Trailblazer. Icon. Pioneer. For nearly a half-century, Steven Spielberg has enraptured and engrossed cinemagoers with a transporting vision and camera-eye intuition that very few storytellers possess. And so, in celebration of his bulging portfolio of visual masterpieces, the renowned filmmaker has stepped in front of the camera in order to reveal at-length details about his remarkable career in the latest documentary about his life, Spielberg.
Billed as “an intimate portrait of the iconic film director”, and directed and produced by award-winning documentarian Susan Lacy (American Masters, This Reporter and Jane Fonda in Five Acts), this two-and-a-half-hour-long tour de force is built around 30 hours of interview footage with Spielberg and chronicles the various stages during the icon’s evolution from boy wonder to auteur, including his bittersweet youth and early obsession with filmmaking, his work as a TV “wunderkind”, his cavorting with the “movie brats”, the peaks of his working life (including his helming of franchise blockbusters and serious Oscar-winning works) and the personal and professional relationships he’s developed throughout his nearly 50-year career.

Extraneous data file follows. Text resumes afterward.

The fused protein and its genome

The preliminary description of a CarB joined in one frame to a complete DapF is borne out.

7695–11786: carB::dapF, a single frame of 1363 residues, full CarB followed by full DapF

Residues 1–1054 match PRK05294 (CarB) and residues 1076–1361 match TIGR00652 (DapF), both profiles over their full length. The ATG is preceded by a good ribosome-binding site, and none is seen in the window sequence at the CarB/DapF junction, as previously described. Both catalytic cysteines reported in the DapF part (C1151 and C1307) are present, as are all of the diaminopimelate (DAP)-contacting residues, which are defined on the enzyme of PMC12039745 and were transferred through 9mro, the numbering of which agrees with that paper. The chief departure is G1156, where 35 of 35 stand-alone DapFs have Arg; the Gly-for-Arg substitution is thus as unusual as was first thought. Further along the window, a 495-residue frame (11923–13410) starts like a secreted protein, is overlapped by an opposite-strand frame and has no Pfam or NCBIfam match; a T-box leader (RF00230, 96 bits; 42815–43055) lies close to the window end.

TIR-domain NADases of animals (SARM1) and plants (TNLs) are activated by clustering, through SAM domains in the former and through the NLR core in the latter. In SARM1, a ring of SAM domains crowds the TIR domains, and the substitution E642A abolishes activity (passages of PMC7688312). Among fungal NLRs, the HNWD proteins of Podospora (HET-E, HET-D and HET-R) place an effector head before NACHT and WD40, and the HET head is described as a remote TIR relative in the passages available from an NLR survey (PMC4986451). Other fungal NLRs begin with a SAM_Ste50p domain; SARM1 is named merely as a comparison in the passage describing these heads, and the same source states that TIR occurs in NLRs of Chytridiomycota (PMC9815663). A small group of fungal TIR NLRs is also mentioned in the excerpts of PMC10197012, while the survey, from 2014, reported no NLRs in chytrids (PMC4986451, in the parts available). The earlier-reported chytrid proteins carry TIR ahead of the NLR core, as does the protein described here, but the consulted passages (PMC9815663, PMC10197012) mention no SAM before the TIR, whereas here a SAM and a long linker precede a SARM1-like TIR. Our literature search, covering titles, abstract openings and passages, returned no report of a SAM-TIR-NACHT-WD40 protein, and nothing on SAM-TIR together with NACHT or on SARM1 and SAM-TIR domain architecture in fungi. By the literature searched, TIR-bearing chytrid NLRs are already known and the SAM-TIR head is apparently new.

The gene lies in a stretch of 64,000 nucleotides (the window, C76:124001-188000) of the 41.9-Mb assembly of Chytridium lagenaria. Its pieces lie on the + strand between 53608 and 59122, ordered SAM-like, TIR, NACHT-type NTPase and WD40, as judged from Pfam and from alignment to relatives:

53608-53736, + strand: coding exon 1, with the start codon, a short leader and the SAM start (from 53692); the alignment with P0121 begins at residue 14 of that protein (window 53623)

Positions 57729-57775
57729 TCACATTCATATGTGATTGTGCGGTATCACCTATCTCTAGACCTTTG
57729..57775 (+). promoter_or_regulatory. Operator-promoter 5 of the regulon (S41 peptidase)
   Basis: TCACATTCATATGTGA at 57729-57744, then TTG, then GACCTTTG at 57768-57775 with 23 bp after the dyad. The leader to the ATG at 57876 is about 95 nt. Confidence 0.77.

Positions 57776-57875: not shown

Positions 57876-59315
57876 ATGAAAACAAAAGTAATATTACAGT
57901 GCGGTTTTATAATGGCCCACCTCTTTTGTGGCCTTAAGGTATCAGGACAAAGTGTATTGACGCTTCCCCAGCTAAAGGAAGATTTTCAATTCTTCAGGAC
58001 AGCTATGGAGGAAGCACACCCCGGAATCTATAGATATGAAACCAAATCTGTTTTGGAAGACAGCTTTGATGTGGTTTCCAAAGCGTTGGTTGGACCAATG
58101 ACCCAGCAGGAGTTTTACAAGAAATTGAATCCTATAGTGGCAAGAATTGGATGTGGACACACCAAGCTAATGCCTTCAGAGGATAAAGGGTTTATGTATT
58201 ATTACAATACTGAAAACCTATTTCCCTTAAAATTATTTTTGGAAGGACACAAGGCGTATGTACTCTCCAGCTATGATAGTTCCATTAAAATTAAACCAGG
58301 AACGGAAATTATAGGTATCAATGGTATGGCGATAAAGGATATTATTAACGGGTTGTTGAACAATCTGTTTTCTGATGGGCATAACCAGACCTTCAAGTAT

Though most attention is given to more famous features such as Jaws and Schindler’s List (for which the most time is reserved), there are also periods which are allocated to less-loved works like Hook, The Terminal and Warhorse before Lacy moves onto the director’s later projects, Lincoln and Bridge of Spies – both of which are seen as products of Spielberg’s growing interest in democracy.
To help give extraordinary depth to the documentary, Spielberg also includes insights from members of the director’s family, as well as clips from a chorus of renowned figures from the business. There are appearances by filmmaking peers (Francis Ford Coppola, George Lucas and Martin Scorsese), actors and producers from many of his projects (Tom Hanks, John Williams, Leonardo DiCaprio, Harrison Ford et al.) and industry behemoths (Kathleen Kennedy and J.J Abrams); there are also cameos from those who’ve both eulogised and denounced Spielberg’s work, including AO Scott and Janet Maslin.
Off-camera and behind-the-scenes footage from several milestone films, such as ET: the Extra-Terrestrial, Jurassic Park and Saving Private Ryan also add extra flavour to this televisual treat.
The result is an intimate portrait about Spielberg that audiences have never seen before, and the combination of first-person narrative with detailed explorations of the creative process (as well as the unification of family, peers and critics) provides a concoction worthy of honouring the 71-year-old’s oeuvre.
To watch Spielberg, visit youtube.com
Watched Spielberg? Here are the 5 films to catch in the cinema before the end of the month